invention is industrial applicable will be self-explanatory such that an
explicit description of this is not necessary. But it may be cases, e.g.
concerning methods for testing, where the industrial applicability is not
obvious and where this if that is the case must be clarified.
Section 1 a.
The human body, at all of the various stages of its formation
and development, and the simple discovery of one of its
elements, including the sequence or partial sequence of a
gene, cannot constitute patentable inventions.
An element which is isolated from the human body or
otherwise produced by means of a technical process,
including the sequence of a gene, may constitute a
patentable invention, even if the structure of that element is
identical to that of a naturally existing element.
2
According to Article 93 of recently amended Polish
Industrial Property Law which came into force on December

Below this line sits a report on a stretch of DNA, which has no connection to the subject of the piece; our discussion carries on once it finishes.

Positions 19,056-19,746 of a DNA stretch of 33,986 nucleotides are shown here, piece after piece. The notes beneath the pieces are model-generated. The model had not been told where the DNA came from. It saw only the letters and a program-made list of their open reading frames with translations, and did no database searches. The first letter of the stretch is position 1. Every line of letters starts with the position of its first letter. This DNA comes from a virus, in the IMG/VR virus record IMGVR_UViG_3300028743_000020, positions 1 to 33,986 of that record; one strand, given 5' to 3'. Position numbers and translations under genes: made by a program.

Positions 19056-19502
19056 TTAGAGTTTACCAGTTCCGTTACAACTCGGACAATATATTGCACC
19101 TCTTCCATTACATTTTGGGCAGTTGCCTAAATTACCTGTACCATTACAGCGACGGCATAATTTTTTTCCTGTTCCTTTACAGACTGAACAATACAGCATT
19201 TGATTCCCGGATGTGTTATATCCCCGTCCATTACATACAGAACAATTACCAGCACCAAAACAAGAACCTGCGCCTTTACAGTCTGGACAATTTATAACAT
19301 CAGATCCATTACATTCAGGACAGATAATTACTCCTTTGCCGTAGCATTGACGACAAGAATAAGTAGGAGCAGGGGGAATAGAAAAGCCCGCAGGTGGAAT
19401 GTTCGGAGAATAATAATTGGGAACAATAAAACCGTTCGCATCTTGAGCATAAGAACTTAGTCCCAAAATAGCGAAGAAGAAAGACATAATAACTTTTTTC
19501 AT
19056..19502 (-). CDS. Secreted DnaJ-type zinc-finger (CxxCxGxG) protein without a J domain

1, 2015:
[…]
2. In a patent application concerning a sequence or a partial
sequence of a gene, the industrial application of the
sequence must be disclosed in the patent description, and
additionally its function is to be indicated in the independent
patent claim.
3. In order to fulfil the industrial applicability criterion in a
case of use of a sequence or a partial sequence of a gene
for production of a protein or a protein part, it is to be
defined in the description of the invention which protein or
which part thereof is produced and what is their function.
The Portuguese Industrial Property Code does not
specifically mention limitations to the protection of nucleic
acid sequences.
No. There are no Guidelines for Examination in Poland of
purpose/function limited protection for nucleic acid sequences.
However, the guidelines for examination of the Portuguese Patent
Office include some provisions related to this matter:
239
Only Article 54(c) refers to the specific case of sequences
or partial sequences of genes:
Article 54
Special cases of patentability
RO
NO
1. The following shall be patentable:
[…]
c) A new invention, involving an inventive step and being
susceptible of industrial application, concerning any
element isolated from the human body or otherwise
produced by means of a technical process, including the
sequence or partial sequence of a gene, even if the
structure of that element is identical to that of a natural
element, provided that the industrial application of a
sequence or partial sequence of a gene is expressly stated